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Welcome to the Reader's morning briefing for Thursday, August 17, 2017.
Governor Bruce Rauner has condemned President Donald Trump's widely criticized remarks about the violence stemming from white supremacists at the Unite the Right rally in Charlottesville, Virginia, Saturday. Trump's comments that there's "blame on both sides" for the violence "damage America," according to Rauner. "I vehemently disagree with his comments," he said at Governor's Day at the Illinois State Fair. "We have to condemn that sort of action, those actions by frankly disgusting despicable white supremacist groups, we've got to call them that and we've got to condemn their actions." Rauner was not alone; many Republicans, including Ohio governor John Kasich, Senator Marco Rubio and Senate majority leader Mitch McConnell condemned Trump's remarks. [Sun-Times]
Attorney General Jeff Sessions attacked Mayor Rahm Emanuel and Chicago's sanctuary city policy again Wednesday. The Department of Justice previewed the speech in a statement, saying that Sessions would "take on Chicago political leadership." "Respect for the rule of law has broken down. In Chicago, their so-called 'sanctuary' policies are just one sad example," Sessions said, according to a DOJ excerpt. "That makes a sanctuary city a trafficker, smuggler, or predator's best friend." Sessions praised Miami-Dade County for ending its sanctuary city policy, claiming that shooting deaths have dropped as a result. Emanuel quickly responded to the Sessions's planned remarks, saying that Chicago "will not cave to the Trump administration's pressure because they are wrong morally, wrong factually and wrong legally." [Sun-Times]
Former U.S. House Speaker Dennis Hastert has completed his federal prison sentence, but he's still facing two Kendall County civil suits, both related to allegations of child sexual abuse decades ago, when he was a teacher and wrestling coach at Yorkville High School. Hastert has admitted in court that he sexually abused boys, but he was never charged with a sex crime because of the statute of limitations. Instead he pleaded guilty to violating federal banking laws in order to make hush-money payments to keep the abuse covered up. Hastert served 85 percent of a 15-month sentence, and will now serve two years of supervised release. In addition, a judge has ordered him to enter a sex-offender treatment program. [Tribune]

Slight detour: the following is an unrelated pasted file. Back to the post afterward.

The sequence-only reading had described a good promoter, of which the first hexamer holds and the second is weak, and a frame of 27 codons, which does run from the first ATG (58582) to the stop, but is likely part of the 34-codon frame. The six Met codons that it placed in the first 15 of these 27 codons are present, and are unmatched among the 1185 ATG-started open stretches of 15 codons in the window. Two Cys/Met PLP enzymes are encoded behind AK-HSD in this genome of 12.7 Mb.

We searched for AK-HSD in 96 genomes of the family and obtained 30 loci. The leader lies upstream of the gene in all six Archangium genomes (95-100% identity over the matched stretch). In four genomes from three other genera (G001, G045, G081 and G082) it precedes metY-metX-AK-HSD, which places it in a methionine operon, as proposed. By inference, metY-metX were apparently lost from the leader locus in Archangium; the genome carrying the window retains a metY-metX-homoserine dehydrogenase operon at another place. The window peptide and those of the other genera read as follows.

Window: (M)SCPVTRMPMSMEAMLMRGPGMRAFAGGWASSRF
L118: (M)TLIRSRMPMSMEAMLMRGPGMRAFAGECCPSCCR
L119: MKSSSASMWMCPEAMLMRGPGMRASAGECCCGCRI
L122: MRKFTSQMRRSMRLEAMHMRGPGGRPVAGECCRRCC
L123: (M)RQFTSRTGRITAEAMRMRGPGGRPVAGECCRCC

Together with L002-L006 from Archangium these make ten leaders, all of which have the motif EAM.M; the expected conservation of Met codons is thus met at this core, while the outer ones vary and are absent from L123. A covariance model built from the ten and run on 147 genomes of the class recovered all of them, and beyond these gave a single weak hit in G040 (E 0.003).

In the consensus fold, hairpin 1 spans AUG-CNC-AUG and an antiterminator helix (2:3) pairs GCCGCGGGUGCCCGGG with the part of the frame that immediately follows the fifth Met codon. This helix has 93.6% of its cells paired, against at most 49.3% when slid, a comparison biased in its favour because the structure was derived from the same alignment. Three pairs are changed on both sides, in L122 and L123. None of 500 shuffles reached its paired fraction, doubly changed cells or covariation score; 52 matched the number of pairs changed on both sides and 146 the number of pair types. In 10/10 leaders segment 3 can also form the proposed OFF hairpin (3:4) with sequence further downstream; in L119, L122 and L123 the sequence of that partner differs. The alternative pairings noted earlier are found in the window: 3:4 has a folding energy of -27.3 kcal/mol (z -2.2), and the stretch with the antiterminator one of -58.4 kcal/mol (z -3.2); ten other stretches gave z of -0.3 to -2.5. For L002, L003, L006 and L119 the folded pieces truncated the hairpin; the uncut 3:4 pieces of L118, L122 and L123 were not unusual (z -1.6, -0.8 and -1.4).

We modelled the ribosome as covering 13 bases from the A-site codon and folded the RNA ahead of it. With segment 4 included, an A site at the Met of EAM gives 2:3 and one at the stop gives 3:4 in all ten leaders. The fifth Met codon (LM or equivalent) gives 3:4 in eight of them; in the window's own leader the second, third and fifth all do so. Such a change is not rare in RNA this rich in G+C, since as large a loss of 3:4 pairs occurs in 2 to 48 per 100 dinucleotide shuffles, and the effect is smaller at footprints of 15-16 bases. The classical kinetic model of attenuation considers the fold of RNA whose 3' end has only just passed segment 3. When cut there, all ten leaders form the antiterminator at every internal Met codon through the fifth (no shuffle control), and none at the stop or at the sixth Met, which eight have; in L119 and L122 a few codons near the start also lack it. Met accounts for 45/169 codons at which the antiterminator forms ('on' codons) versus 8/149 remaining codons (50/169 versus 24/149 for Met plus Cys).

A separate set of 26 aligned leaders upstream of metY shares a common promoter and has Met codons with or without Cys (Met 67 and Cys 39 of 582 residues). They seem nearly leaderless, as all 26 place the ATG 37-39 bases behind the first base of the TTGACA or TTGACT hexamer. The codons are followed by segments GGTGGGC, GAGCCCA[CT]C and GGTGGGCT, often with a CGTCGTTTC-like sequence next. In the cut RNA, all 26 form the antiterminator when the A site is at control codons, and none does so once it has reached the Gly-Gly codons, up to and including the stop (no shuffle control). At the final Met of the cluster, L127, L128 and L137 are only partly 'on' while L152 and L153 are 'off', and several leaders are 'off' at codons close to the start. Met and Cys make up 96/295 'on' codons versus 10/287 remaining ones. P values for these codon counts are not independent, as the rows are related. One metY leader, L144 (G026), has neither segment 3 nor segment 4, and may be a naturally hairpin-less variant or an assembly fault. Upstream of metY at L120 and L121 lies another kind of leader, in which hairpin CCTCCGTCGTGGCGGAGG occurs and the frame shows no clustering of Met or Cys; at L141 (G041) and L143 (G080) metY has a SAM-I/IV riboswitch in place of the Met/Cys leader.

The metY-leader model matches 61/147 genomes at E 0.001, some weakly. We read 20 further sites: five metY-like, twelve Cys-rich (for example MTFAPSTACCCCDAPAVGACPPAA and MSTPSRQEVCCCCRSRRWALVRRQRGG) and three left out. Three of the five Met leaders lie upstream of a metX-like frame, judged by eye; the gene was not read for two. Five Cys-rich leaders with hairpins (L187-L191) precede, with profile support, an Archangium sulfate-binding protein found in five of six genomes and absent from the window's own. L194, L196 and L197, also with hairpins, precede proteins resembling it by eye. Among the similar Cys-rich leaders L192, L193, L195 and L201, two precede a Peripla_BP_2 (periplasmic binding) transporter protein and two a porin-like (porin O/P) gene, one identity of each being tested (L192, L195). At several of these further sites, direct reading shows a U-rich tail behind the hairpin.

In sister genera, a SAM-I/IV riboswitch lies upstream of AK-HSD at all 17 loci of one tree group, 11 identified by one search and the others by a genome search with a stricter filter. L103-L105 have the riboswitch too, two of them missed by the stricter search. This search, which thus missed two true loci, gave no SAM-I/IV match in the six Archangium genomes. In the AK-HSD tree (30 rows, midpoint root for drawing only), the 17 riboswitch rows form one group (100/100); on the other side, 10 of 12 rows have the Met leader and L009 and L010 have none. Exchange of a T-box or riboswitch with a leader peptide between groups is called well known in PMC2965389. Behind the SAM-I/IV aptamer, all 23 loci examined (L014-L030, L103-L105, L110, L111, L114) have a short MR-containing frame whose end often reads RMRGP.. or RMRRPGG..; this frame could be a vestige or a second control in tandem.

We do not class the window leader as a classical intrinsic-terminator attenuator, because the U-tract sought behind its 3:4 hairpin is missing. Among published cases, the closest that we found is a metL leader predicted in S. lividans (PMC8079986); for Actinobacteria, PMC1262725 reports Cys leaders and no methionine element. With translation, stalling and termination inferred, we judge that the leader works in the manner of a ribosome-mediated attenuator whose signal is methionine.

Illinois first lady Diana Rauner "has taken on an additional, behind-the-scenes role in Governor Bruce Rauner's administration, cranking up her own involvement outside of public view," according to Politico. The administration denied Politico's request to release the first lady's e-mails, including at least 350 exchanges with the Rauner's now former chief of staff in the first half of the year. The governor's office responded to reports of Diana Rauner's increasing influence with a statement: "The governor has said time and again, the First Lady is his best friend and partner in life. Like any spouse, the First Lady is there to support her husband and help him be successful." [Politico]
The neo-Nazis used to have a home in the city. The local chapter of the National Socialist Party of America used Rockwell Hall in Marquette Park as their headquarters in the 1970s. WBEZ has produced a 20-minute audio documentary about the headquarters and neighborhood's history as a place where African-Americans did not feel welcome. "It was a place black folks didn't go," Chicago Fire Department spokesman Larry Langford, who grew up in Englewood and once covered a press conference at the headquarters as a reporter, told WBEZ. "You didn't go near it. If you drove down 71st Street or Marquette Road you kept driving." [WBEZ]
Musicians Chance the Rapper, Solange, and Vince Staples will speak at the Museum of Contemporary Art this fall as part of a series moderated by Pitchfork writers. Tickets are $20 and can be purchased through the MCA's website or box office. [DNAinfo Chicago]